In summary, the routine for Emily’s sessions will go something like this:
- forms are filled in by Emily that will provide a way for the therapist to assess and measure symptoms and monitor progress
- Emily outlines the biggest problems she’s encountered over the past week, something the therapist calls “agenda setting”
- the therapist will “bridge” the previous session with this one by reflecting on positive and negative experiences and perhaps reminding Emily of certain important features regarding her situation
- self-help tasks in the form of “homework” will be negotiated and agreed
- Emily might be taught new skills that will help challenge or modify her beliefs and thinking patterns so they become more adaptive
- as the sessions draws to a close the therapist may ask Emily how she felt the session went, whether she has any questions or concerns, or anything she’d like to see changed
The Down Sides
CBT doesn’t suit everyone. It isn’t an easy fix and you have to commit yourself to a process that is sometimes challenging and uncomfortable. Some people find the emphasis on logic and structure too cold and they feel something is lacking in not addressing personal histories and emotions. CBT is effective but it does not solve personal problems and there is no cast iron guarantee that your worries and anxieties won’t return. However, if they do, you will have the skills to cope with them more effectively.
We’re all familiar with a basic form of counselling, the kind where one person unburdens their troubles to a sympathetic ear. This simple but very human act can provide relief and comfort and a way to vent stress that might otherwise build up.
These days counselling is big business. There are counselling services for virtually every facet of life ranging from debt relief, to relationships and right through to bereavement. And there are different ways of providing such services such as face-to-face, group, online and telephone counselling. Many medical centres, schools and businesses also retain the services of a counsellor. Despite this apparent endorsement of counselling skills there remains scepticism over its true nature and value, with some seeing the process as little more than a comforting conversation.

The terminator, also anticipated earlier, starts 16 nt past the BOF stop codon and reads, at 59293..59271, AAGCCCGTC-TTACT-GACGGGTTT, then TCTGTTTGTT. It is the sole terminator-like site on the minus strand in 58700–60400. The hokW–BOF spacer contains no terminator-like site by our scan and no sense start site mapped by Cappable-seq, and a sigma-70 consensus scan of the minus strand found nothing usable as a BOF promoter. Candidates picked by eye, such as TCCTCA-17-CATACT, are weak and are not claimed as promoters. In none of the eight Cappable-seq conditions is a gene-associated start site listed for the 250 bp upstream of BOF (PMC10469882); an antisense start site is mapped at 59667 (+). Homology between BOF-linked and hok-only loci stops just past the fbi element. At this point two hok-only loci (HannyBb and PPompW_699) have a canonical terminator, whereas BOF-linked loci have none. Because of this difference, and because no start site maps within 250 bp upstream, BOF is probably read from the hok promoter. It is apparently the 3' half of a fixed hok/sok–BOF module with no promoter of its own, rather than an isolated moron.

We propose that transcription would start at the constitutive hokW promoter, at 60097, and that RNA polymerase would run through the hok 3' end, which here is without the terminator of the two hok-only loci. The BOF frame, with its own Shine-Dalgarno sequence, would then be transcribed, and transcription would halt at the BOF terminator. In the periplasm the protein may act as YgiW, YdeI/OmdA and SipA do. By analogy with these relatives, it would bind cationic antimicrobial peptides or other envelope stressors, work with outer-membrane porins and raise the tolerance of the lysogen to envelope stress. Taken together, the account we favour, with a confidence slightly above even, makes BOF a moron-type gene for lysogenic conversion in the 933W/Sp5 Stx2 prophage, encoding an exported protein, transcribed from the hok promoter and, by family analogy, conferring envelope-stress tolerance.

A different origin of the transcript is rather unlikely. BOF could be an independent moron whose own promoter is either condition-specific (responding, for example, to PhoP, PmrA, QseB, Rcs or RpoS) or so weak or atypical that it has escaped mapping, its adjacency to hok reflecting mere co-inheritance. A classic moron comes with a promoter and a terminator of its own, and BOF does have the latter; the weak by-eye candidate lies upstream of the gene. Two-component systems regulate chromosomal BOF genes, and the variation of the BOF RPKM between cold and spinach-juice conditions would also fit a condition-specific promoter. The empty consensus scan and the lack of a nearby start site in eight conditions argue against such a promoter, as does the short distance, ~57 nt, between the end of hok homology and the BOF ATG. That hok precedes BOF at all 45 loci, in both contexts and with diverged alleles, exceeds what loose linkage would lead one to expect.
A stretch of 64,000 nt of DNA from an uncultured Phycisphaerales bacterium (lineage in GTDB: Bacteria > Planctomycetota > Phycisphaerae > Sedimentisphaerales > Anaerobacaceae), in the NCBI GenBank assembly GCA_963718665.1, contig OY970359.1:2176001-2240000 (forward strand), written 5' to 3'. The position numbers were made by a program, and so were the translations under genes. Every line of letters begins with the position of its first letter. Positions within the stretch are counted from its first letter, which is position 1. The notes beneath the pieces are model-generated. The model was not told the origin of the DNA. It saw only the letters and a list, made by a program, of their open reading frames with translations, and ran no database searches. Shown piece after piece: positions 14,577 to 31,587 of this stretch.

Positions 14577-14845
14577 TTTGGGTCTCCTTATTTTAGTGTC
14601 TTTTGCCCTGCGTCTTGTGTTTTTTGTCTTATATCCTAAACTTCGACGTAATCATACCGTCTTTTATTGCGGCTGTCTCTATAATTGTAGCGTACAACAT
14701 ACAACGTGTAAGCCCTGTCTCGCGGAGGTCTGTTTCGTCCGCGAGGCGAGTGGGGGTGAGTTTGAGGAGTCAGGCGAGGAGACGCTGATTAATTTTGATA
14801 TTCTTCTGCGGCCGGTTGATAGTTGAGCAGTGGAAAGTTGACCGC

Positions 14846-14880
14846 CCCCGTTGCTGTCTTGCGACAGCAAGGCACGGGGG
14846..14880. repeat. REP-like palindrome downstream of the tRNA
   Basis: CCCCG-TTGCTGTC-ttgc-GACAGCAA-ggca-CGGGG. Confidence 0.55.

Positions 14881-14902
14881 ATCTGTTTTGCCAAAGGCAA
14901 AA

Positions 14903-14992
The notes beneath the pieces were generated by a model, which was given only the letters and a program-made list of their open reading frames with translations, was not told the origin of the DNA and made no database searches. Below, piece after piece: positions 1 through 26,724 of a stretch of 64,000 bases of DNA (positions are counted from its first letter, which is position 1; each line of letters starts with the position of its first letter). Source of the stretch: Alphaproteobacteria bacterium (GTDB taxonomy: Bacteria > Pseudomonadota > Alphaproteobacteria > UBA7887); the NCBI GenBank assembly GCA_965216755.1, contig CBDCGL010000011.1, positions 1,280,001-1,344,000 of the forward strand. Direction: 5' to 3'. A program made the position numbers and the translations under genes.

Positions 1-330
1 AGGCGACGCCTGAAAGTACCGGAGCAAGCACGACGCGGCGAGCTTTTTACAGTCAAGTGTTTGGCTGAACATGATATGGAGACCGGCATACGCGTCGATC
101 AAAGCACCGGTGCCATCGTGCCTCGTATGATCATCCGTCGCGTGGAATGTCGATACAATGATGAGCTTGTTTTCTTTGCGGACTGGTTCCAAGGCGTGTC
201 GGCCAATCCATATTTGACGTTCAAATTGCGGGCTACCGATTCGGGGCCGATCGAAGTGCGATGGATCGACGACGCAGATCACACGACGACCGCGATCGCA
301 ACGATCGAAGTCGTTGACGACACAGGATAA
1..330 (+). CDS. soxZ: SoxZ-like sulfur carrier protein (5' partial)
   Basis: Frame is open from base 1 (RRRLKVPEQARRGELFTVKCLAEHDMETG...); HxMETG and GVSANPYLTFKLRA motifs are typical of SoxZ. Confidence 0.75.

A trained therapeutic counsellor is very different to someone who might use counselling skills as a volunteer or as a part of their job. But, there are many different models and variations of counselling, and this can make things confusing. What’s more, there can be considerable overlap in the variety of techniques used and the language employed. So rather than spend time distinguishing between psychodynamic, Gestalt, transactional analysis, and all the other approaches, I’m going to attempt a summary of the broad nature and purpose of counselling as to how it might apply to your situation with anxiety.
In general terms your counsellor will want to help you explore the ways in which your feelings, experiences and behaviour contribute to the issues troubling you. Your discussions will aim to help you to find some clarity and possibly resolution in this regard. This will be made all the more easy because you know everything you say is completely confidential. Your therapist is not there to judge you nor for that matter to advise or tell you what to do. At some points you may find their apparent lack of commitment a little frustrating, but actually this frustration is an echo of your own situation and circumstances. One of the differences between a trained therapist and someone who is just trying to help, is the therapist keeps their beliefs, their value system and the way they live their life, out of the discussion.
Counselling then is a helping approach that encourages you to talk openly and frankly about various aspects of life. These explorations may lead to insights due in part to the way the therapist revisits key issues and encourages you to examine them from different perspectives. Reframing issues can reduce confusion, lessen tension and lead to clarity.
Does Counselling Work?